Tough Stuff: Total Depravity

Ah, yes, nothing more fun to teach than that sweet-smelling doctrine, total depravity. While it is unpopular, it is very important for students to understand for many reasons. Here’s why.

1.) Why is it difficult or unpopular to teach?

I think it is difficult for two reasons. First, who really likes to be told that they are totally depraved? That just doesn’t have a pleasant ring to it! In this light, it is a part of our sinful nature to resist the dark reality of our humanity. In this day of secular humanism, where every form of media proclaims the inherit power and benevolence of mankind, the message of original sin and depravity starkly contradicts what students hear.

Secondly, because most teenagers do not have a deep theological understanding of sin, the idea that they are completely depraved defies their experience. A common reaction to this doctrine is a student misunderstanding that total depravity means that all they do is murder, rob, and steal, which conflicts with “nice things” they do in their life. Surely, a person giving to the poor or helping their mother with dishes is not evil, right? They initially think about total depravity in terms of external actions, not internal motives. In other words, they see the Wicked Witch of the West when they hear this term.

2.) How do you define and describe this concept to students?

First off, I do not think it is critically important that my kids know and can use the term “total depravity” at this point. I am more concerned that they understand conceptually that all human action possesses an underlying sinful motive.

I describe total depravity to adolescents by telling them that deep down inside all of our behavior inherently has some unconscious motivation rooted in operating independently from God or seeking selfish gain. All action has at least some selfish taint. I also explain that this occurs innately, without our awareness, because of our sinful nature. And then I say that the Bible describes living that way as depraved.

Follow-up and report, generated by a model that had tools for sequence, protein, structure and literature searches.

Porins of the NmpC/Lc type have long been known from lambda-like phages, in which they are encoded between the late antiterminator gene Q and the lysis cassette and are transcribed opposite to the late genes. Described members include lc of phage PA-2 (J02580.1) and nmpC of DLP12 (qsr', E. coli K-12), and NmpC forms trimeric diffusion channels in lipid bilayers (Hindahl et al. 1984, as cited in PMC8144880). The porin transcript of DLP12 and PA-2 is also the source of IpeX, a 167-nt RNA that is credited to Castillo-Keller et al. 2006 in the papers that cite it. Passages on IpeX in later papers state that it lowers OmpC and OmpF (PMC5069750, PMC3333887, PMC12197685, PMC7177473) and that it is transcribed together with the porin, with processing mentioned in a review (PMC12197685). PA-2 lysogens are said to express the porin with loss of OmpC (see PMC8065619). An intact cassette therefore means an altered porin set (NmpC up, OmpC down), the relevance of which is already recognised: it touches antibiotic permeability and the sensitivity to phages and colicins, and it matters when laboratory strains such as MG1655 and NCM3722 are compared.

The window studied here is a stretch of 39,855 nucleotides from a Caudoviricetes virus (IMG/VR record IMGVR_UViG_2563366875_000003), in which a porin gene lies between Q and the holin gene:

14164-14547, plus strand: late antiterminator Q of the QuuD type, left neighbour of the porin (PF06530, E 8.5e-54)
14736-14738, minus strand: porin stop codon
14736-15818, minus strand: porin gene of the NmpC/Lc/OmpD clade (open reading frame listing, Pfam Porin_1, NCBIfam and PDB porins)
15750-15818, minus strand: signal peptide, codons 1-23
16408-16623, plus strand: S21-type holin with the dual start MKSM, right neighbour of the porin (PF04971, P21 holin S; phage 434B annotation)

3.) Why do you think it is important to teach this?

Acknowledging the truth of the depth of our sin sets kids free. Last year on a mission trip, a student said that understanding total depravity “relieved a burden” because it showed her that trying to be perfect was pointless. The doctrine alleviates the need to keep up the illusion of being something we are not. It also creates an environment for deep worship because knowing our total depravity magnifies the grace and mercy of Christ. It shows just how good God is.

4.) How does this concept help a student better understand the Gospel and grace of Jesus?

Total depravity is a critical building block for a student to understand the freedom of the Gospel. It shows how utterly ill-equipped we are to make ourselves good or righteous and reveals our need for Christ to do all of the work for our salvation. Total depravity takes the wind out of the sail of moralism. Total depravity magnifies just how amazing God’s grace is in that he “saves a wretch like me.”

Cameron Cole has been the Director of Youth Ministries for eighteen years at the Church of the Advent, and in January of 2016 his duties expanded to include Children, Youth, and Families. He is the founding chairman of Rooted Ministry, an organization that promotes gospel-centered youth ministry. He is the co-editor of “Gospel-Centered Youth Ministry: A Practice Guide” (Crossway, 2016). Cameron is the author of Therefore, I Have Hope: 12 Truths that Comfort, Sustain, and Redeem in Tragedy (Crossway, 2018), which won World Magazine’s 2018 Book of the Year (Accessible Theology) and was runner up for The Gospel Coalition’s Book of the Year (First-Time Author). He is also the co-editor of The Jesus I Wish I Knew in High School (New Growth Press) and the author of Heavenward: How Eternity Can Change Your Life on Earth (Crossway, 2024). Cameron is a cum laude graduate of Wake Forest University undergrad, and summa cum laude graduate from Wake Forest with an M.A. in Education. He holds a Masters in Divinity from Reformed Theological Seminary.

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